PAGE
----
Strawberry Shortcake was having an identity crisis. The “it” doll and cartoon star of the 1980s was just not connecting with modern girls. Too candy-obsessed. Too ditzy. Too fond of wearing bloomers.
So her owner, American Greetings Properties, worked for a year on what it calls a “fruit-forward” makeover. Strawberry Shortcake, part of a line of scented dolls, now prefers fresh fruit to gumdrops, appears to wear just a dab of lipstick (but no rouge), and spends her time chatting on a cellphone instead of brushing her calico cat, Custard. Her new look was unveiled Tuesday, along with plans for a new line of toys from Hasbro.
She is not the only aging fictional star to get a facelift. An unusually large number of classic characters for children are being freshened up and reintroduced — on store shelves, on the Internet and on television screens — as their corporate owners try to cater to parents’ nostalgia and children’s YouTube-era sensibilities. Adding momentum is a retail sector hoping to find refuge from a rough economy in the tried and true.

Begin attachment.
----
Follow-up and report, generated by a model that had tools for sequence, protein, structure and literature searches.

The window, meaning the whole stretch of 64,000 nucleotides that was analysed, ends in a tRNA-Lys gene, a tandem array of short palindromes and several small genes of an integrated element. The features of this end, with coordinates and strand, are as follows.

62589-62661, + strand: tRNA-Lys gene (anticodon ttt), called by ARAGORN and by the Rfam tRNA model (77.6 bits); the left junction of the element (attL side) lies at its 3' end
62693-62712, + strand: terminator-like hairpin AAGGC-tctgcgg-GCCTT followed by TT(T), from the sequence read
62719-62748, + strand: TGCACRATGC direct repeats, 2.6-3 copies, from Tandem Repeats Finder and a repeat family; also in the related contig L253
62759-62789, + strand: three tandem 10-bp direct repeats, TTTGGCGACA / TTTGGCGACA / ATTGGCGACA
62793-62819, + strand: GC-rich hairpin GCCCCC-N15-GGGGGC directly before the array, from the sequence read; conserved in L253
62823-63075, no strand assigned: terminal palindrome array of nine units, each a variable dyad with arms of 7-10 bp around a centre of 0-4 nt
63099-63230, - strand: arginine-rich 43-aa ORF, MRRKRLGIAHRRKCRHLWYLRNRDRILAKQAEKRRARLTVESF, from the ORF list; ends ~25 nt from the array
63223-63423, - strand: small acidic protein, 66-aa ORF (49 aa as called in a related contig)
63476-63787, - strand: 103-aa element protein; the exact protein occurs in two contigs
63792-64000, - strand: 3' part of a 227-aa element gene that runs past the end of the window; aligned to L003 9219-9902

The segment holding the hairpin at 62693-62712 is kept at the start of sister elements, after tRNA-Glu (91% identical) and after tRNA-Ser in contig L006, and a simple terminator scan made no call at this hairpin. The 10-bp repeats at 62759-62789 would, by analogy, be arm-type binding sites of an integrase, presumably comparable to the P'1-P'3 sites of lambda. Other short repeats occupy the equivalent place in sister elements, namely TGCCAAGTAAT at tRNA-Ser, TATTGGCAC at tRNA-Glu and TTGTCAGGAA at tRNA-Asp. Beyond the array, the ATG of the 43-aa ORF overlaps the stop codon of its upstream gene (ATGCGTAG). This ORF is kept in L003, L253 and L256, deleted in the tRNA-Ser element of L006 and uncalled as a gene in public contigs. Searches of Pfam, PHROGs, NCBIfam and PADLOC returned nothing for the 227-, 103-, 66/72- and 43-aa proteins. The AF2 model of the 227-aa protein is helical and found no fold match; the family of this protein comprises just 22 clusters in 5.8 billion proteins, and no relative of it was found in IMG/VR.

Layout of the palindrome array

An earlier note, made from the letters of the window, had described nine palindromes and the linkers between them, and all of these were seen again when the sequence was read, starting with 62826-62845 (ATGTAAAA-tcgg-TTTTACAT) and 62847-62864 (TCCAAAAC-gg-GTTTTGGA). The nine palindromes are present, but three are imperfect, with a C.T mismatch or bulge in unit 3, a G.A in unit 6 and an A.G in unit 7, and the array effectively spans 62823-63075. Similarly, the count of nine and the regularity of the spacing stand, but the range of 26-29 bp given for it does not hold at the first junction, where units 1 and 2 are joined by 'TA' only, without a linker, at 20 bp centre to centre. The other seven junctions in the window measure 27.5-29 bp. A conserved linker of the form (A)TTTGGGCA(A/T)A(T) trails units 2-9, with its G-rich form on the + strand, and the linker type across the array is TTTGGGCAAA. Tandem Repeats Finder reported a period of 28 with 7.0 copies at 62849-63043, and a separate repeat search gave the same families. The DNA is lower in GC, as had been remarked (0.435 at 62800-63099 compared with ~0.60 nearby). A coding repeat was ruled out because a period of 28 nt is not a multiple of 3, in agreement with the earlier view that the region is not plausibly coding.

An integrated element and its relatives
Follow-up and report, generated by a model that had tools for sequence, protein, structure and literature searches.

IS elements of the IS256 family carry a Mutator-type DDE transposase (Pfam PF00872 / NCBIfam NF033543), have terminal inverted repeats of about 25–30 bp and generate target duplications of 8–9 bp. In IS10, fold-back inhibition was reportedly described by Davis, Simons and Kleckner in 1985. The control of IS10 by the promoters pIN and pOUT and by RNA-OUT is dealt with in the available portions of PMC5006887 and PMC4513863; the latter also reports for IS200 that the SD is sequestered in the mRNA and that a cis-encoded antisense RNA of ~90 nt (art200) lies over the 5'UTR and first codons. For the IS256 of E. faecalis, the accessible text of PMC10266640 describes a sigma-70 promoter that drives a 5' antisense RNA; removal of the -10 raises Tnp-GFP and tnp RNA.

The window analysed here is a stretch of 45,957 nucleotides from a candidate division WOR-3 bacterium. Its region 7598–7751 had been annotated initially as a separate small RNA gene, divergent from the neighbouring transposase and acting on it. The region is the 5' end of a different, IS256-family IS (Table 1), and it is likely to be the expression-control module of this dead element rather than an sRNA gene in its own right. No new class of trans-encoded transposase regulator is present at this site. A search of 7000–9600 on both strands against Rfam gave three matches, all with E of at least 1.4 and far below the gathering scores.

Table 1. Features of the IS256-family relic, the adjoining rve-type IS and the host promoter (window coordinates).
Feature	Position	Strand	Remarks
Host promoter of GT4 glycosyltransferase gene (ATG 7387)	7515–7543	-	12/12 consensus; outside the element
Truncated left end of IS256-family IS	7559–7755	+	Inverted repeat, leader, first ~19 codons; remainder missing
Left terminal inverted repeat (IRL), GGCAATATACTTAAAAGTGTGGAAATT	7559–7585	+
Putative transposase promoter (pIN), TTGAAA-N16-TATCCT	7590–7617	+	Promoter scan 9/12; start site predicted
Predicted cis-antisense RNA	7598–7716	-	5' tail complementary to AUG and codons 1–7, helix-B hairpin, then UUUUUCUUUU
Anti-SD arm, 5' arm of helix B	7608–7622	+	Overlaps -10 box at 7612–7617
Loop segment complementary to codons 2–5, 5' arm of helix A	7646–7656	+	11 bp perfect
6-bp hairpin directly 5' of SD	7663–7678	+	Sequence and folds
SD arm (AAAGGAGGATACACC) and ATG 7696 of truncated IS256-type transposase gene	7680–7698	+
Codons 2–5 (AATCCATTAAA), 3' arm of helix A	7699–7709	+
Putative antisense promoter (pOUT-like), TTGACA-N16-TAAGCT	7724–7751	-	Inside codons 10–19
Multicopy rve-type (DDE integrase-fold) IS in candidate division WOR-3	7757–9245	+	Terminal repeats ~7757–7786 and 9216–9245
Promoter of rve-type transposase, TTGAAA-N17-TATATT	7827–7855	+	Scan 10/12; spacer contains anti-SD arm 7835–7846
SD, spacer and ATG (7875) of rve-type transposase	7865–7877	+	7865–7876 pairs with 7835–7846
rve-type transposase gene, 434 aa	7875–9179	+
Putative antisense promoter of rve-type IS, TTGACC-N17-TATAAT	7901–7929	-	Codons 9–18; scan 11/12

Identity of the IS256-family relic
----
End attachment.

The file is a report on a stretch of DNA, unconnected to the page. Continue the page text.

Warner Brothers hopes to “reinvigorate and reimagine” Bugs Bunny and Scooby-Doo through a new virtual world on the Internet, where people will be able to dress up the characters pretty much any way they want. American Greetings is dusting off another of its lines, the Care Bears, which will return with a fresh look this fall (less belly fat, longer eyelashes).
And 4Kids Entertainment, which licenses the Teenage Mutant Ninja Turtles, will revive them next year in new video games, where they will have more muscles and less attitude.